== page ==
Give children opportunities to practice care and gratitude.
Children need training to care for others and gratitude: it is important for them to respect the many people who contribute to their lives. Studies show that people who feel gratitude are more likely to be helpful, generous, compassionate and forgiving, and also happier and healthier.
Daily repetition helps a friend with homework, homework, classroom work, or regularly reflecting on the value we have for others, and if challenges grow, develop a second type of care and gratitude and childcare skills. Although, as parents and guardians, we must always stand firm for fundamental values such as care and justice, in key respects we can make our home democratic by asking our children to express their views and listen to ours. Involving children in plans to improve family life teaches them to acquire perspectives and problem-solving abilities and gives them real responsibility: to be co-creators of a happy family.
- Actual Obligations. Expect children to help with housework and siblings, for example, and suggest only unusual favors. When these types of routine actions are only expected and unrewarded, they are more likely to take root in everyday actions.
- Make caring and justice a focus. Engage in conversations with children about the expressions of empathy and indifference they see in their daily lives or on television, and about acts of justice and injustice that they may see or hear in the news, such as someone who advocated an important cause or example. about sexuality or racism.
- Expressing gratitude Consider expressing gratitude as a daily routine before dinner, before bed, in the car, or on the subway. Encourage the children to pay tribute to others who contribute to their lives.
Expand your child's circle of concern.
Most children sympathize with and care for a small circle of family and friends. Our challenge is to help children learn about empathy and take care of someone outside the circle, such as a new child in the classroom, someone who doesn't speak their language, a school tutor, or someone who lives in a remote country.
It is important for children to learn to approach, listen carefully and notice those in their immediate circle, to move away, to get an overall picture and to think about the circle of people they meet every day. Children must also consider the impact of their decisions on the community. For example, breaking school rules will make it easier for others to break the rules. In our more global world, it is especially important for children to show anxiety about people living in other cultures and communities.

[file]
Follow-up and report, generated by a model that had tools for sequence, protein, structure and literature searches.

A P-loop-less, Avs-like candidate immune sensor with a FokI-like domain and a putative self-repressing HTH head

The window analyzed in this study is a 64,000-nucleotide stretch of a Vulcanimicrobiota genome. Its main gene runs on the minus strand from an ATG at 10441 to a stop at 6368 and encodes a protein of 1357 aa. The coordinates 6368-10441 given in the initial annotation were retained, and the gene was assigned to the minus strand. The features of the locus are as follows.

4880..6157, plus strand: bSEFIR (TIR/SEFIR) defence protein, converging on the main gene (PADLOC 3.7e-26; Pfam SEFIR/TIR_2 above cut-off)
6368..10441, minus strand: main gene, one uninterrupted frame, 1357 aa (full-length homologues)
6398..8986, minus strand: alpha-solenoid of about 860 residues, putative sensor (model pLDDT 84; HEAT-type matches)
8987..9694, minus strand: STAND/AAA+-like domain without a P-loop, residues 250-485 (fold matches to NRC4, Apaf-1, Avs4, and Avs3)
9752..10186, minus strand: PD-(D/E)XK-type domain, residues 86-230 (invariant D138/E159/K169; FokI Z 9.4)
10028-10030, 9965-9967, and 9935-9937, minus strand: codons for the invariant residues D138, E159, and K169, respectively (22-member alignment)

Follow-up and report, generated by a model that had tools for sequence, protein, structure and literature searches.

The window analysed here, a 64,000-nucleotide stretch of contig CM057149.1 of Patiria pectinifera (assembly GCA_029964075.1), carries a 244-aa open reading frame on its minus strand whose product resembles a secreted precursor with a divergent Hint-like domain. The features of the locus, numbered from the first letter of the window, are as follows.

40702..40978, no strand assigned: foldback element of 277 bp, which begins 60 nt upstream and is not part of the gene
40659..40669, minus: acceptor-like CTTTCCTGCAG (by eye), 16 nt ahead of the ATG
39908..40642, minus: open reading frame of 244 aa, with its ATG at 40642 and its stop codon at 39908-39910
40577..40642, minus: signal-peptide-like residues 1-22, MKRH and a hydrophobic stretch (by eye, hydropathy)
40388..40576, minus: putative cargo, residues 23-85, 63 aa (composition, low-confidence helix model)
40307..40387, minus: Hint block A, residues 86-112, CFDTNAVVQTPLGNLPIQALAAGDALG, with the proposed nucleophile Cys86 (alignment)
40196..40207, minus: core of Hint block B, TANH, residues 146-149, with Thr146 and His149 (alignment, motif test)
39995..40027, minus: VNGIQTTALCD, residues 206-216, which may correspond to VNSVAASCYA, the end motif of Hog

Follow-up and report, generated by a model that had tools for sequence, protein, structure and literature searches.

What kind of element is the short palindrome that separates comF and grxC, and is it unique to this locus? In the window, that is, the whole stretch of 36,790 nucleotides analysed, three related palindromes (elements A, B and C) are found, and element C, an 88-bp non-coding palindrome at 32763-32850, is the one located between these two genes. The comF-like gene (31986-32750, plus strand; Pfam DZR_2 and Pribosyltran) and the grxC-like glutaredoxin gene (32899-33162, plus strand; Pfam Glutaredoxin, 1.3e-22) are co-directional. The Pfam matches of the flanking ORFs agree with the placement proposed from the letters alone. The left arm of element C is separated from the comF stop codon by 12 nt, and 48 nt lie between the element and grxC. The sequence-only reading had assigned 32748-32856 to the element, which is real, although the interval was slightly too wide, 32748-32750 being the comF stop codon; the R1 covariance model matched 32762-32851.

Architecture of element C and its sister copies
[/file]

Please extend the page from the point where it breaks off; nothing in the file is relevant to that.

- Children facing challenges. Encourage children to consider the perspectives and feelings of those who may be vulnerable, such as a child who has just arrived at school or a child with family problems. Give your kids some simple ideas on how to act, such as comforting a ridiculed classmate or approaching a new student.
- To be heard. Share with your child the importance of truly listening to others, especially those who may look unfamiliar and may be more difficult to understand immediately.
To support the ability of children to be ethical thinkers and to make positive changes in their communities.
Children have a natural interest in ethical issues, and dealing with these ethical issues can help them find out, for example, what justice is, what they owe to others, and what to do if loyalties are contradictory. at them. Children are also often interested in taking on leadership roles to improve their communities. For example, children and young people have embarked on many of the most significant programs to build care and respect and to stop bullying and cruelty.
You can help children become ethical thinkers and leaders by listening to them and helping them think about their ethical dilemmas, for example: "Should I invite a new neighbor to my birthday party when I don't like my best friend?" You can also offer your children the opportunity to fight injustice in their communities and to strengthen their communities in other ways.
- Take the initiative. Encourage children to take action against problems that affect them, such as cyberbullying or a dangerous street corner.
- Thinking out loud with your child. Start a conversation about the ethical dilemmas that appear on TV shows, or give children the ethical dilemmas that need to be addressed when eating or in other situations.
Help children develop self-control and manage emotions effectively.
The ability to care for others often overcomes anger, shame, jealousy, or other negative emotions.
We can teach children that all emotions are okay, but some ways to deal with them are not helpful. Children need our help to learn how to handle emotions productively.
- Identifying feelings. Give your children their hard feelings like frustration, sadness and anger and encourage them to tell you why they feel that way.
- 3 steps to self-control. An easy way to help children manage their emotions is to practice three simple steps together: stop, take a deep breath with the nose and exhale with the mouth and count to five. Try when your baby is calm.
Clear boundaries. Use sensible authority to set clear boundaries. Explain how your limits are based on a loving concern for the welfare of your child.